Robyn and John Sims, hosts at the Argiturismo Cascina Papaveri ‘The Poppy Farmhouse’ share their beautifully restored villa with groups for what they call week long “house parties.” On the premises a fully equipped Pilates studio, splendid indoor swimming pool, steam and sauna and state of the art training kitchen, where Chef Gino conducts fun nightly cooking classes. The result, lots of opportunities to practice Pilates and also create and savor delicious organic Italian meals made from scratch. Add unlimited wine, tasteful décor, fun excursions to markets and festivals where you mix with locals and you have yourself a very enjoyable Italian holiday. I’m returning November 1-8, 2010 and invite you to come along.. October and November are truffle season in Piedmont, making it an ideal time for a visit. Truffle hunting is big business, with hunting territory and skills passed on from generation to generation. Dogs, not pigs, aid Italian hunters. They’re worth their weight in gold, and have been poisoned by rival hunters when they get too good at what they do. Next November we’ll both truffle hunt and attend the international truffle festival in Alba. 2009 it was an all gal trip, but guys are welcome, with hiking, biking, golf and horseback riding available. Visit http://www.cascinapapaveri.com for more about The Farmhouse and the itinerary and contact me to sign up for the 2010 week.
Last day in Piedmont officially ended the group program, but I went on with a friend to Cinque Terre. Considered a hiker’s paradise these 5 villages on the Italian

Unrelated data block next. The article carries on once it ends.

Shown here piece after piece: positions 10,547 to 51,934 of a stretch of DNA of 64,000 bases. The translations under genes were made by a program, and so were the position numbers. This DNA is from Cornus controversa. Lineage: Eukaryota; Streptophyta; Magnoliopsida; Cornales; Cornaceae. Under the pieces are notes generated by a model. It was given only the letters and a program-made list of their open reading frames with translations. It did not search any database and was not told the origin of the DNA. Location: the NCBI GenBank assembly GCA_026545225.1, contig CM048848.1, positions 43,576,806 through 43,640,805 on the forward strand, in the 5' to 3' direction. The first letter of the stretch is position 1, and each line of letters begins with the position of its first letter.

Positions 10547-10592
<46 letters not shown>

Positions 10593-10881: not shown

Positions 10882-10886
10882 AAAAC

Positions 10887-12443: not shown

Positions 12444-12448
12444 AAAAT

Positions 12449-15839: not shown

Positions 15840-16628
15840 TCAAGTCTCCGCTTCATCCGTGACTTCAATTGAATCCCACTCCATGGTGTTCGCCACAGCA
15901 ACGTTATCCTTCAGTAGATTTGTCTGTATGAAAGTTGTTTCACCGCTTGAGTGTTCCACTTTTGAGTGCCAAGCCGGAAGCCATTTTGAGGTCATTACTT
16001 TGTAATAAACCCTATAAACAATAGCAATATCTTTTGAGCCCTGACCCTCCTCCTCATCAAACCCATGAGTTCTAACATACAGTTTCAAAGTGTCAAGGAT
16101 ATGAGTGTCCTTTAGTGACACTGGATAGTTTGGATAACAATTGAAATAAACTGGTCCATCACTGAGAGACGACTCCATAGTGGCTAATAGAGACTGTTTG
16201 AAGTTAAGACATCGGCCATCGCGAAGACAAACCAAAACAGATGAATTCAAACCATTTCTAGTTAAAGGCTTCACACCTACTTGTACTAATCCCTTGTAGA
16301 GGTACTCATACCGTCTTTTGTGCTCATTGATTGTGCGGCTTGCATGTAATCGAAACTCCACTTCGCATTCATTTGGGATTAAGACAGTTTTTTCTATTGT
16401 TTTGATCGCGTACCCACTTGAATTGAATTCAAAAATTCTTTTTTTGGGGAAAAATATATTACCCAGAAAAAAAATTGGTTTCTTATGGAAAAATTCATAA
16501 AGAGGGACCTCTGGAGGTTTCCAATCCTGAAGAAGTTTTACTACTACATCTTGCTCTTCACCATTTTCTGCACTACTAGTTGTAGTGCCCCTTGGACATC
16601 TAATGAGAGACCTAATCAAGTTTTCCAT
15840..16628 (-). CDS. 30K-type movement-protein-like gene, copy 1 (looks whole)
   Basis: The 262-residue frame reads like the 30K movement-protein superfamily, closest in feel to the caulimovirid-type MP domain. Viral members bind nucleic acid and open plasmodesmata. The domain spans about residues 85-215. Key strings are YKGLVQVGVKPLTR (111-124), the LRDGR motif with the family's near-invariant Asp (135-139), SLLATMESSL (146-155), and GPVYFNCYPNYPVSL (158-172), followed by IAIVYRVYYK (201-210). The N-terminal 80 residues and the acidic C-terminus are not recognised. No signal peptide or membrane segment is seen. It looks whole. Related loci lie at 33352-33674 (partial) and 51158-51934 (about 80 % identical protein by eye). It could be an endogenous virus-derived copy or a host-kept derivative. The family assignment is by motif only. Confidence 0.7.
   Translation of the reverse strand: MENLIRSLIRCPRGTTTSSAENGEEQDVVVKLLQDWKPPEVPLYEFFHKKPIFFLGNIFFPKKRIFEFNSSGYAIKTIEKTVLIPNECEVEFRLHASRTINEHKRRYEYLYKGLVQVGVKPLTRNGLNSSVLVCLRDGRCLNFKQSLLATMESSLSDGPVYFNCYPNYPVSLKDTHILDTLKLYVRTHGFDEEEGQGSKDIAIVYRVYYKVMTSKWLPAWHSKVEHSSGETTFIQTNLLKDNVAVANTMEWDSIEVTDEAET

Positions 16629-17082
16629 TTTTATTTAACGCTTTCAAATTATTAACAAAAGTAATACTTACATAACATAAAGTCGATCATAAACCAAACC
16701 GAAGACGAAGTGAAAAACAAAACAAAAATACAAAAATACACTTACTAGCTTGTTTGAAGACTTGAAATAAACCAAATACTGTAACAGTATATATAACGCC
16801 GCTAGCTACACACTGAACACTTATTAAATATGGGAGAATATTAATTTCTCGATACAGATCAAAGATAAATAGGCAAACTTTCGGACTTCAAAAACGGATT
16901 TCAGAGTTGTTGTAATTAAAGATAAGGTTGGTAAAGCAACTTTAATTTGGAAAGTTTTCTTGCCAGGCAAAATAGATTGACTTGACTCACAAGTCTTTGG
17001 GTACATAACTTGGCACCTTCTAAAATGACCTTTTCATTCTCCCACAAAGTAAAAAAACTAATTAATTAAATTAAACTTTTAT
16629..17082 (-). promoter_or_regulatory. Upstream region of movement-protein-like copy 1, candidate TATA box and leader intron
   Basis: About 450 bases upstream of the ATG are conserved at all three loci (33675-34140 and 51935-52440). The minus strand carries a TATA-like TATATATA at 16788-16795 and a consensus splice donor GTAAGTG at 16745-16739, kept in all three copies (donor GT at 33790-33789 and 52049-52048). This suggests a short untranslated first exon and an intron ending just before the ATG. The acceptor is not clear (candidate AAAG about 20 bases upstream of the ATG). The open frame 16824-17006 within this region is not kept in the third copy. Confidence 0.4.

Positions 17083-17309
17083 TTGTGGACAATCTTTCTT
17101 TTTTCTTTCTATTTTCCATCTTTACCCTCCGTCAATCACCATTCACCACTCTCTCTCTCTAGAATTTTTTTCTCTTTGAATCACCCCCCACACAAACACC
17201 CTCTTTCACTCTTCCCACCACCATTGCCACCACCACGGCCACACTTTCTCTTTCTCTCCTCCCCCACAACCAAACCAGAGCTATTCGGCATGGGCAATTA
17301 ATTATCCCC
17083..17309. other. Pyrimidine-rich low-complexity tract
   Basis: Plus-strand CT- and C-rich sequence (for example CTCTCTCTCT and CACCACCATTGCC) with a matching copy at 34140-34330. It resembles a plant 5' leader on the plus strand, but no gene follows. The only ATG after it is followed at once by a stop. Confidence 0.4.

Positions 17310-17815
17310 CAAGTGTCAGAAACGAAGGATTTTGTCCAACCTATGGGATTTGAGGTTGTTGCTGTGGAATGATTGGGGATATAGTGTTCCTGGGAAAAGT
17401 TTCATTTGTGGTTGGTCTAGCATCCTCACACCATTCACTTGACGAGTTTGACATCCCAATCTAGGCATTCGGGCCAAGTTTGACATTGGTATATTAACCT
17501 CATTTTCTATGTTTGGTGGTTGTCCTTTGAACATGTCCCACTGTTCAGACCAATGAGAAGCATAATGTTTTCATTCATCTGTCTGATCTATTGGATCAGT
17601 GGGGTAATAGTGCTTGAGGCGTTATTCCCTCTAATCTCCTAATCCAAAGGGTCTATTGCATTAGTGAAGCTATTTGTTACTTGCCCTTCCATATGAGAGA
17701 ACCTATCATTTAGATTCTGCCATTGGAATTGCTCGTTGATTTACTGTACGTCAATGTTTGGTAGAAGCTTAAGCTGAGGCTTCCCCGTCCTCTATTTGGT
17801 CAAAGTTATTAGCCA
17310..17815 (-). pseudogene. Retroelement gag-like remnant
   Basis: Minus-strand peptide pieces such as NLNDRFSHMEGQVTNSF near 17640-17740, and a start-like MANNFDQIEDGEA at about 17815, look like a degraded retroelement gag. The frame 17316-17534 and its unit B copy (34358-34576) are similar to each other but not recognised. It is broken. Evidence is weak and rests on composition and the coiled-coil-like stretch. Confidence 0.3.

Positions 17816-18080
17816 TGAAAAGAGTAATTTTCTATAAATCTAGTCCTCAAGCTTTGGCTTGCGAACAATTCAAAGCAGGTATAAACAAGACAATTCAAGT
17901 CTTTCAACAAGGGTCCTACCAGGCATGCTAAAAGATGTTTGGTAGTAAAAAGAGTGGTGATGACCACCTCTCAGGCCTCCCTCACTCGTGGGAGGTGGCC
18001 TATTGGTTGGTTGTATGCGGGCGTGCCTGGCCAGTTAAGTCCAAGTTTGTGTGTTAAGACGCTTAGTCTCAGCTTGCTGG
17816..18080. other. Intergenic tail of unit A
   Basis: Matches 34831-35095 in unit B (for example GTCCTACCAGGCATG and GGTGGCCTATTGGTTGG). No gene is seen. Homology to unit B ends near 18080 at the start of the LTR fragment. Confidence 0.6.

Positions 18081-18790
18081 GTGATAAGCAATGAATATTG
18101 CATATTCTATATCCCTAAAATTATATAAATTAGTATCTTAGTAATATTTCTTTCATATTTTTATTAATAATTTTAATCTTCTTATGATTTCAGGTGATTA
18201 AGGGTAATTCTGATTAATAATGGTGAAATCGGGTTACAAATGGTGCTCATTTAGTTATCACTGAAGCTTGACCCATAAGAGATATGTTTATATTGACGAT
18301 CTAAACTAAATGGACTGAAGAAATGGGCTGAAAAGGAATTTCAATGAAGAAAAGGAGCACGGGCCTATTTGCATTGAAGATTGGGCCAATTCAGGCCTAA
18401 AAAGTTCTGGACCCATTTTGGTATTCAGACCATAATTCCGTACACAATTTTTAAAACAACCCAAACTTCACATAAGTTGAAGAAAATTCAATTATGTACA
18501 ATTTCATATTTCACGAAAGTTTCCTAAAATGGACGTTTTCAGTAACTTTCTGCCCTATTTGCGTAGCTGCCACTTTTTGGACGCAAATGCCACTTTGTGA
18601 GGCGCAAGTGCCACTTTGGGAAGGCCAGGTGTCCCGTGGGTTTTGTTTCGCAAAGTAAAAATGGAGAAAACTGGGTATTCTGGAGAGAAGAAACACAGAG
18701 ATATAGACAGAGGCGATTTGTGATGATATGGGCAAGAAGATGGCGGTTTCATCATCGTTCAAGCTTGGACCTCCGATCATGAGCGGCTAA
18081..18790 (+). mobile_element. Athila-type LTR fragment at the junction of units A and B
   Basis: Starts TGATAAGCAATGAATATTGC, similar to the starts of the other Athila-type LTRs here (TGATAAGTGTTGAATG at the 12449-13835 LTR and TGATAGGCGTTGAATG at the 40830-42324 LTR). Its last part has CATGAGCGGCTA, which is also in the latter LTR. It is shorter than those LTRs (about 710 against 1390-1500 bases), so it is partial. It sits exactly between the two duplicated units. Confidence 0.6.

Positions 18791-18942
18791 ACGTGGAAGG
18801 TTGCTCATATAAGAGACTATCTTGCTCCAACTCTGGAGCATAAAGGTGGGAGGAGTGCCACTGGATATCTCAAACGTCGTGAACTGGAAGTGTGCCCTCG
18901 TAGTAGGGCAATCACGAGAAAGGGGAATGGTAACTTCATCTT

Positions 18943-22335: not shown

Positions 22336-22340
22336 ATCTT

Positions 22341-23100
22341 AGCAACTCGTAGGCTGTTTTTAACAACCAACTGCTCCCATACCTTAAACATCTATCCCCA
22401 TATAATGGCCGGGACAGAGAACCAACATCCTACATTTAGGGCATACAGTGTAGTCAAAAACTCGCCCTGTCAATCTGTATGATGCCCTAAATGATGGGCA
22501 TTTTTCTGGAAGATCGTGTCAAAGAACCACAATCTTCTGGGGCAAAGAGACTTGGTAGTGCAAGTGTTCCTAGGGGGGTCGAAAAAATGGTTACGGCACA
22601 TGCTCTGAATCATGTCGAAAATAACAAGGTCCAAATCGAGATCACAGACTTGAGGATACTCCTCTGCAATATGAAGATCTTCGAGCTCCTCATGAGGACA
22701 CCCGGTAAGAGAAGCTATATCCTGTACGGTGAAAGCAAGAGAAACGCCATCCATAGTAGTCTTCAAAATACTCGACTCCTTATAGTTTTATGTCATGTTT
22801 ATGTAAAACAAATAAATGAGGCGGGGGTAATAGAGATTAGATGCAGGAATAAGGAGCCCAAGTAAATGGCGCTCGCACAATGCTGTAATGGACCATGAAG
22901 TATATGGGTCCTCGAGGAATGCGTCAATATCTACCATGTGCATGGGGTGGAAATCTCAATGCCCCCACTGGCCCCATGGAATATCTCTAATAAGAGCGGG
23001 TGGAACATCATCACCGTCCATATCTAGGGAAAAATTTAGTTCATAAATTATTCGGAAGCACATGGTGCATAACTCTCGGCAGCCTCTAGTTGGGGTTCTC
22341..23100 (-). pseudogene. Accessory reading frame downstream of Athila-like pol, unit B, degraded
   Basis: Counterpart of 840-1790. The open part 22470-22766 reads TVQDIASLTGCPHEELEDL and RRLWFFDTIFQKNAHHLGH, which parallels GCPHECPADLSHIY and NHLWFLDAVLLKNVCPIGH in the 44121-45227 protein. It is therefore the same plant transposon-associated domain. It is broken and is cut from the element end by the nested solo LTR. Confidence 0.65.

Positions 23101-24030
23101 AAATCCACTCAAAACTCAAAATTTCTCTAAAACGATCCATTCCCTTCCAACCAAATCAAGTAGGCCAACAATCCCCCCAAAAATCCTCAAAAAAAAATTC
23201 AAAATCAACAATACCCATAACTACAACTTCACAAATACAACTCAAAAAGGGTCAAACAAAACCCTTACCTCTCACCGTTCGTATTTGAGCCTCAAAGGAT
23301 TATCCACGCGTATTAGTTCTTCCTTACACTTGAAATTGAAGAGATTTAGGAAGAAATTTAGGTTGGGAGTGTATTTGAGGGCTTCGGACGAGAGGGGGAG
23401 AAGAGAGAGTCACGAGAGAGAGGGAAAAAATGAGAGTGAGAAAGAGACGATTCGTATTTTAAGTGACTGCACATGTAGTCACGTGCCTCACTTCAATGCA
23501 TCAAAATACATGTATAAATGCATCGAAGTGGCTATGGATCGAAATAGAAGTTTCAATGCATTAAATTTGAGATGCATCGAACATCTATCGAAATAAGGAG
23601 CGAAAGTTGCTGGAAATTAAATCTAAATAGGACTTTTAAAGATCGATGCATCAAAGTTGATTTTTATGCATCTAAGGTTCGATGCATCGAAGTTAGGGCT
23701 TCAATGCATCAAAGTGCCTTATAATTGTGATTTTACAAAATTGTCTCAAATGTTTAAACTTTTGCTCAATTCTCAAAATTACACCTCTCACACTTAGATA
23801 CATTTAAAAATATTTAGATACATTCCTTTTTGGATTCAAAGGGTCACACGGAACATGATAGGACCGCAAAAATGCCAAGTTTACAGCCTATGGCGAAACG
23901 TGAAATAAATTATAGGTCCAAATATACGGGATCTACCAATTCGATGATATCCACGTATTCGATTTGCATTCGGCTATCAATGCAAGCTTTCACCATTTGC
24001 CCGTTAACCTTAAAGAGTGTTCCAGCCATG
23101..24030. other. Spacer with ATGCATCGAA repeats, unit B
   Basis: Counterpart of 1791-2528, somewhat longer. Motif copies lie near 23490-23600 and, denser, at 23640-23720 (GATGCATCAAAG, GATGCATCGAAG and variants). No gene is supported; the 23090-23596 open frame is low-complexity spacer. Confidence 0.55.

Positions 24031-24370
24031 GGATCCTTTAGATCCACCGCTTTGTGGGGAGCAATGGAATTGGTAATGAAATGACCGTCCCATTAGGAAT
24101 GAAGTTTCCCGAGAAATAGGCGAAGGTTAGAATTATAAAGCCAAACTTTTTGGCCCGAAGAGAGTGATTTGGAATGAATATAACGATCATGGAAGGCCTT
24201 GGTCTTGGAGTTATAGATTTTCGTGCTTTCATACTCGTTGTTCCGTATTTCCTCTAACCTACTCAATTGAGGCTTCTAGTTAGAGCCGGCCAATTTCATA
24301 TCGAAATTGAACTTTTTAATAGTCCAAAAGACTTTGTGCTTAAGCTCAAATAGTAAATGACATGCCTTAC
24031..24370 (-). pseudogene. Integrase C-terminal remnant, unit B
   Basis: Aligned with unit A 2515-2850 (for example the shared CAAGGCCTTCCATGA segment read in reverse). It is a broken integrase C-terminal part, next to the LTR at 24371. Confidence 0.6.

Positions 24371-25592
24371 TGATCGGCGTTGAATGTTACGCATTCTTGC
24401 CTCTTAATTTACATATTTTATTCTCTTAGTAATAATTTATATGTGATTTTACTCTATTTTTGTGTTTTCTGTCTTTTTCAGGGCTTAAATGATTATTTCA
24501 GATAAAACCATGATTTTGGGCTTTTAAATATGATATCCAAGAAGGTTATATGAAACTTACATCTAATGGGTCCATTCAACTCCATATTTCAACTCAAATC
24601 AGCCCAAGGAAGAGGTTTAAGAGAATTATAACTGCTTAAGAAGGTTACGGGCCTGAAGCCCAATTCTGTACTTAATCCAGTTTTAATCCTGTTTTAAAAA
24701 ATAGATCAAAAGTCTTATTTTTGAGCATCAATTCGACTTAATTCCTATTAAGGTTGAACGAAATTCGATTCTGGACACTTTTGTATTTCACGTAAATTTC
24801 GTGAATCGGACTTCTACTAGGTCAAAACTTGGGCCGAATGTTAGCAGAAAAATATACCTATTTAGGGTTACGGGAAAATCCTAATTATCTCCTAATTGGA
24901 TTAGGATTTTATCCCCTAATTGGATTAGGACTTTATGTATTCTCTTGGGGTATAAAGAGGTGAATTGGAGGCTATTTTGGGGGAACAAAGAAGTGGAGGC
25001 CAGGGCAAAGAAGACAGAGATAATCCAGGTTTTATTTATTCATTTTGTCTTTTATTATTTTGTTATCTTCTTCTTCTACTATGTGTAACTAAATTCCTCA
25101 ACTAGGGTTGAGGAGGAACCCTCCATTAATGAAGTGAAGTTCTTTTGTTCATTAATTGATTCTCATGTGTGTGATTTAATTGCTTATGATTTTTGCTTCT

Riviera are painfully picturesque. Both views and hikes are literally breathtaking. We stayed at tranquil L’eremo sul mare, http://www.eremosulmare.com/, a villa up the hill from Vernazza and en route to the cliff top village of Corneglia. One day we hiked
south, stopping in villages along the way for lunch, gelato and shopping. Day two we hiked north, and again indulged in lunch and several samplings of Gelato – a handmade rose water scoop being a fave. Seafood, pesto, gelato and cats rule here. Yes, cats. Tame and cared for by villagers and tourists, they frequent restaurants and trails and grace post cards and t-shirts. The purrfect paradise for a cat lover like me, and a great place to put my Pilates training to the test. Trails between villages tend toward steep and narrow. Avid hikers do the full trek starting at sunrise and finishing at sunset, with no time to stop and smell the garlic along the way. If you’re not a hiker and want to visit Cinque Terre trains and a ferry provide easy, affordable transport. I did trails, trains and ferry and comfortably experienced the villages.
Next year’s Italian visit includes the farmhouse week, with optional add-ons of two nights in Torino and 4 nights in Venice. There’s only room for 10, and some spaces are already taken. Hope you can come along – Ciao – Tannis